The bare-necked umbrellabird feeds mainly on fruit, supplemented with lizards, frogs and large insects. Food items are plucked from the vegetation in flight, or taken while perched, and larger prey items may be beaten against a perch before being swallowed (2) (6). The species has also been recorded joining flocks of other birds foraging on prey flushed by swarming army ants (8). In Costa Rica, the bare-necked umbrellabird’s seasonal movements have been shown to coincide with the periods of highest fruit abundance at different altitudes (7).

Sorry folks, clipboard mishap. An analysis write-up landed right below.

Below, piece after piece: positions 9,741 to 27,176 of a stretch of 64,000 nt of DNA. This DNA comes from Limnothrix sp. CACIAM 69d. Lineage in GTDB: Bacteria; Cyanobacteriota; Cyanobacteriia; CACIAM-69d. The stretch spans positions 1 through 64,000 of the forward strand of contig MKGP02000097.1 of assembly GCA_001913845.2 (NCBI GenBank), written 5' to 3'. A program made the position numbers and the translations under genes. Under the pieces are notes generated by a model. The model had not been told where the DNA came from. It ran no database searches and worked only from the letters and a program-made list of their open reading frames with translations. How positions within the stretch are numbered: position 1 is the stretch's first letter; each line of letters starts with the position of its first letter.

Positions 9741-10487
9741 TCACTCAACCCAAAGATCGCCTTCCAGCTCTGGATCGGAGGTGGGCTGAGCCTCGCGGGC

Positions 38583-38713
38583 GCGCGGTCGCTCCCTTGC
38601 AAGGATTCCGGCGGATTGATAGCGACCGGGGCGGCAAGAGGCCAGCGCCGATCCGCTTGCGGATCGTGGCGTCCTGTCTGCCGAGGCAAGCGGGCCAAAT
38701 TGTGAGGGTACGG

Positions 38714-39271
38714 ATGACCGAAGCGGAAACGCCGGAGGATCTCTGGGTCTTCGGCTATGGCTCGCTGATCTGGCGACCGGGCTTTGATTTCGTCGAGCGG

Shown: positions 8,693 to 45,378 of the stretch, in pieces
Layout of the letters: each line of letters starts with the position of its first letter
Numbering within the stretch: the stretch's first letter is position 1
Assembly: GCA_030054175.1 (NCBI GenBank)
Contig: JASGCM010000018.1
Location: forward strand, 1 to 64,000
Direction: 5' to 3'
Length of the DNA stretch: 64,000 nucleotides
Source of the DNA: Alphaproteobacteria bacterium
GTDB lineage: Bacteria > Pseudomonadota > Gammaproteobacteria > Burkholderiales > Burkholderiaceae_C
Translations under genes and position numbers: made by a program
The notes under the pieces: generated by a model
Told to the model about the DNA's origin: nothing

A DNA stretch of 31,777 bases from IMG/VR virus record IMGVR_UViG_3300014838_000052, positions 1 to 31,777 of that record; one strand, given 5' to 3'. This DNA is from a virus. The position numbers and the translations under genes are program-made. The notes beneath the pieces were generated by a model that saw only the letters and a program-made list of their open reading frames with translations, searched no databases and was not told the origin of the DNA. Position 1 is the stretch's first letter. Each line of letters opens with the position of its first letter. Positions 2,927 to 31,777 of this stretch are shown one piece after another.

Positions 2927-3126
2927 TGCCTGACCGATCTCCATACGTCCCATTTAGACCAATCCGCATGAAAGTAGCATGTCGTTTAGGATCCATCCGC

Although the bare-necked umbrellabird is usually solitary, small groups may occur during seasonal movements, and when males are displaying (5). Breeding occurs between March and June (2) (5) (6), although only one nest has ever been described, which was rather bulky, built in a tree, from twigs, leaves and moss, and contained a single egg. Incubation is performed by the female (6). During the breeding season, male bare-necked umbrellabirds perform elaborate courtship displays in widely spaced, loose groups, in areas known as leks. During display, the male will inflate air-sacs in the throat and expand the red wattle, then give a deep, resounding, double-barrelled ‘boom’, also leaning forward in a short bow and extending the frontal crest forward. Harsh, hacking calls may also be given (2) (5) (6). Females visit the leks and mate with the dominant males (2). The male bare-necked umbrellabird appears to return to the same displaying area each year (6) (7).